The jailed leader of Turkey’s outlawed Kurdistan Workers’ Party (PKK) said Sunday he was hopeful the peace process with the authorities would be concluded successfully within five months with enough determination.
In a statement made public after pro-Kurdish lawmakers visited him in his island prison off Istanbul, Abdullah Ocalan said that a framework for the peace talks to end the three-decade rebellion was about to be finalised.
“He (Ocalan) discussed it with the state officials in detail and they agreed that there is a framework on which negotiations could be carried out,” the statement said.
“If the parties execute the process in a consistent, responsible and determined manner, a major democratic solution that could determine the future of the whole Middle East could be reached within 4-5 months.”
Ocalan however did not specify any solid plans or expectations from the Turkish government in return, but said “the framework will soon be unveiled.”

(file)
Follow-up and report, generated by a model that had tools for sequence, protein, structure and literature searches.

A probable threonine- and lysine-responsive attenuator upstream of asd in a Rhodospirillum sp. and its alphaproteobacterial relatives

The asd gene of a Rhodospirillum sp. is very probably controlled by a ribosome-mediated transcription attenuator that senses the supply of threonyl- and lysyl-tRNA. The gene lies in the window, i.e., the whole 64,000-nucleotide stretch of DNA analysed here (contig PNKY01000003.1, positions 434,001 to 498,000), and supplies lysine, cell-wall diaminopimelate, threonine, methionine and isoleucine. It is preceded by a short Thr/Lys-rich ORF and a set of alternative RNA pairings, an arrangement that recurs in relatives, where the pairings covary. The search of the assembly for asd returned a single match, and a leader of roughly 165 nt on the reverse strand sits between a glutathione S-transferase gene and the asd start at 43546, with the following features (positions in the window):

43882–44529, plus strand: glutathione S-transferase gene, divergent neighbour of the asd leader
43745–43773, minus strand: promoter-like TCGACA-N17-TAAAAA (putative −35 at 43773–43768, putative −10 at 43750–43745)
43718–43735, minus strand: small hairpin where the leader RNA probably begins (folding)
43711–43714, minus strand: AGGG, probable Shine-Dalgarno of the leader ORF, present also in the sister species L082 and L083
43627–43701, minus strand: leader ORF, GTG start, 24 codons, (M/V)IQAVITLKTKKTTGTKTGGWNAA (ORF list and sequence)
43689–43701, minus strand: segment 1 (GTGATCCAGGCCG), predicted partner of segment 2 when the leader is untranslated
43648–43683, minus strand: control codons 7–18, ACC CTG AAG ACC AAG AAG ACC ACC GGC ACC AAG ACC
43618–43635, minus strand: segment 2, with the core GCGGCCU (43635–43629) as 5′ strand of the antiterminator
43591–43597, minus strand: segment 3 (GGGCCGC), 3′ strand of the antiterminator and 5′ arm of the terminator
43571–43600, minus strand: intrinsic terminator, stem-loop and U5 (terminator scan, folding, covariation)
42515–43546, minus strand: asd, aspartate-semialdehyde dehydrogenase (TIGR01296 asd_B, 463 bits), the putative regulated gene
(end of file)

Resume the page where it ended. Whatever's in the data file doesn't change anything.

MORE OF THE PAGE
The PKK, whose rebellion for self-rule left 40,000 dead, had given the government until mid-October to show it is serious about the peace process. But Ankara has yet to come up with a comprehensive road map.
The peace process had appeared to be making progress, until the standoff over the Syrian Kurdish town of Kobane besieged by Islamic State (IS) jihadists. Kurds have been infuriated by the lack of action by Turkey against IS.
In a new upsurge of violence, the Turkish army on Saturday confirmed the jihadists had staged an attack at the Mursitpinar border close to Kobane.
But the army vehemently denied allegations by pro-Kurdish media that the car involved in the strike had come from Turkish territory.
The pro-Kurdish People’s Democratic Party (HDP) on Sunday put down a parliamentary question to the Prime Minister Ahmet Davutoglu, asking for an investigation on whether the attack had been staged from Turkey.